Weigel also says those who see Democratic potential in growing blue pockets of red states might need a political reality check.
It’s almost a fool’s errand to try and predict redistricting now, before incoming legislatures get control of it, but if there was no partisan gerrymandering, we’d see a lot of competitive or Democratic-leaning new districts in red states. Most of the growth in the past decade has happened in suburbs and exurbs that have been growing bluer—Travis and Harris County in Texas, Maricopa County in Arizona, Wake County in North Carolina, and so on. But Republicans can easily carve up red states after the Florida and Texas models, and pack non-whites in uncompetitive districts, shore up a few liberals, and make the rest of the districts too Republican-leaning to get into real danger.
An interesting offshoot of the latest reapportionment reporting is the question about the size of the House: when one congressperson represents almost one million people, should the House be expanded to include more members? At The New Republic’s Citizen Cohn blog, Jonathan Bernstein has some thoughts, responding to tweets from Firedoglake’s David Dayen and conservative political writer Reihan Salam, both suggesting Congress needs its own population increase. He sees the concern, but says a “Big House” could prove problematic.
For elections, the problem with a Big House is that, given residential patterns and assuming no change in single-member districts, we would wind up with even more lopsided partisan districts than we have now. Indeed, all the incentives of reapportionment would work the same as they do now, which combined with good modern technology would mean that we would probably wind up with about the same number of swing districts, but far more solid partisan districts. Meanwhile, more districts mean even less media coverage for each contested election—and I would strongly argue that more media coverage is almost always a good thing. Small districts with little or no media coverage are a recipe for a strong incumbency advantage, which few people see as a really good thing.
Politico focuses on the upcoming fights to come when states begin redistricting—packed with detail about potential fights to come. It’s a worthy read for anyone who would dare call reapportionment boring. A selection:
For the next year, ambitious and sharp-elbowed legislators around the nation will look to Machiavelli, rather than Jefferson or Hamilton, for inspiration as they draw the congressional maps that will begin and end political careers and determine the partisan makeup of Congress during the next decade.
Some incoming House freshmen are already marked men and women — before they’ve been sworn into office. Some veterans are about to be brusquely pushed into retirement. A few members of Congress will be forced into head-to-head battles with colleagues in order to survive another term.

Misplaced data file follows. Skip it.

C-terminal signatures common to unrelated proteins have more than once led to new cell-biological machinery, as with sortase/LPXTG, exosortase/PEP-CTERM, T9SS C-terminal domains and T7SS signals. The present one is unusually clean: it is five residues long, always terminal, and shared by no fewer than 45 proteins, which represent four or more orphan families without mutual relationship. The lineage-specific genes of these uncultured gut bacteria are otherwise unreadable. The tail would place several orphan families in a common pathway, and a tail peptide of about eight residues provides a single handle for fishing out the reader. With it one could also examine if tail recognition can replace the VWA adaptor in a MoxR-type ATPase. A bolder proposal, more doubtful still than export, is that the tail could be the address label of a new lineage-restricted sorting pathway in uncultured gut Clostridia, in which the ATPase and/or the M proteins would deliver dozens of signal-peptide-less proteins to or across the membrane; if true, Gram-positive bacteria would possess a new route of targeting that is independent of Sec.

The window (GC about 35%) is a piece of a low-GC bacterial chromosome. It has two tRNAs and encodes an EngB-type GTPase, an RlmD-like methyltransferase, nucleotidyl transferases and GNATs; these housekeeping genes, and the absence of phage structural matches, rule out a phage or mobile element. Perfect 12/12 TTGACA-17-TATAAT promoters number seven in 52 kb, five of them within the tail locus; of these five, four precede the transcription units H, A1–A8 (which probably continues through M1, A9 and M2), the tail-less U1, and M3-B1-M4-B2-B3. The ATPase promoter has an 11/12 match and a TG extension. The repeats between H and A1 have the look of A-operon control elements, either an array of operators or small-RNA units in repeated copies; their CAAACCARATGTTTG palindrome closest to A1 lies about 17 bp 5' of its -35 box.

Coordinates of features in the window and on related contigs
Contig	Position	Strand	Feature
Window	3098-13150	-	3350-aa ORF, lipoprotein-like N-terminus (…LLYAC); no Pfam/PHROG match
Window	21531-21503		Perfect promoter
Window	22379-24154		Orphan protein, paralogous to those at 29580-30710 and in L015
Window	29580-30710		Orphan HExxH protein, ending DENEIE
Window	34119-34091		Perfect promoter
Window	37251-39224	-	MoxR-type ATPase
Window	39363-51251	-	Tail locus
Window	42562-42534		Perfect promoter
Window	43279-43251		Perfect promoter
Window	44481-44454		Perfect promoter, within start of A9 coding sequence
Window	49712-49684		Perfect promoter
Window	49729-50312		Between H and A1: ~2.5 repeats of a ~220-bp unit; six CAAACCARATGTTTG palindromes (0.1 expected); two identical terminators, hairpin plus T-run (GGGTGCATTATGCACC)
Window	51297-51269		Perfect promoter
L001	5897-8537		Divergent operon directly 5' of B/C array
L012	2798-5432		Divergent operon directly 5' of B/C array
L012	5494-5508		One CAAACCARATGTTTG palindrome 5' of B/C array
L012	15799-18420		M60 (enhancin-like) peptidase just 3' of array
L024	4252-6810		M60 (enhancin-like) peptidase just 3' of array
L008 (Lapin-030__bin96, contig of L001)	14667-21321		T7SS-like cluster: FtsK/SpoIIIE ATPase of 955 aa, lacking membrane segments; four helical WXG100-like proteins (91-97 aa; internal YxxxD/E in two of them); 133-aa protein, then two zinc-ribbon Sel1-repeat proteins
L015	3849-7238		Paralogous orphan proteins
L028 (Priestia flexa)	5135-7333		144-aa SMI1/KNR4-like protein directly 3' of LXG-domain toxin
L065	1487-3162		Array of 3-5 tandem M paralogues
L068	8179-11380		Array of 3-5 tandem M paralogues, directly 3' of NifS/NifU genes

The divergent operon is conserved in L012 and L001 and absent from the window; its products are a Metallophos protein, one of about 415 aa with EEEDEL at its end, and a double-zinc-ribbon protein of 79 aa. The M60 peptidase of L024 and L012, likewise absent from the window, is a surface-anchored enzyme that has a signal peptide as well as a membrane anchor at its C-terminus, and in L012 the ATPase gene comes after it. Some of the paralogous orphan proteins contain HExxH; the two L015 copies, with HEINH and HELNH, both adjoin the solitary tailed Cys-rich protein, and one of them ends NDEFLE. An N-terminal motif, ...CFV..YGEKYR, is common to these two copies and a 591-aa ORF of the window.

All in all, it’s a harrowing exercise in political Darwinism.
The peril is greatest in the 9 states — Illinois, Iowa, Louisiana, Massachusetts, Michigan, Missouri, New Jersey, New York, Ohio and Pennsylvania — that are slated to lose seats as a result of population shifts over the past decade.
Most of those states have been hemorrhaging seats for decades and have already produced epic incumbent vs. incumbent clashes — some of which helped forge the political personas of some of the best-known figures in American politics.
And how’s this?
“You probably have one Democrat and one Republican killed,” said Hank Sheinkopf, a longtime Democratic strategist in the state, speculating that Rep. Carolyn McCarthy would be thrown into the same district as fellow Democratic Rep. Gary Ackerman and that GOP Rep.-elect Ann Marie Buerkle would see her district joined with that of another Republican.
“Democrat-on-Democrat violence and Republican-on-Republican violence,” added Sheinkopf. “It’s who blinks first.”
What are they putting in the eggnog down there?
For soberer minds, one of the more interesting straight news pieces on the reapportionment comes from John McCormick and Tim Jones at Bloomberg, which is mentioned above. The writers point out that this reapportionment needs to be put into historical perspective.
The scope of the reapportionment would be the smallest since 1970 if just 17 states see a gain or loss. That’s a reflection of slower migration in recent years triggered by the worst recession since the Great Depression.
The reporters also put flesh on the bone of some of the statistics we’re seeing, contextualizing the population changes in some states.
Nevada, which is projected to gain one seat, was the nation’s fastest-growing state for much of the past decade, before its growth was stunted by the recession. The state had the highest foreclosure filing rate for the 47th straight month in November, at one in every 99 households, five times the national average, according to RealtyTrac Inc.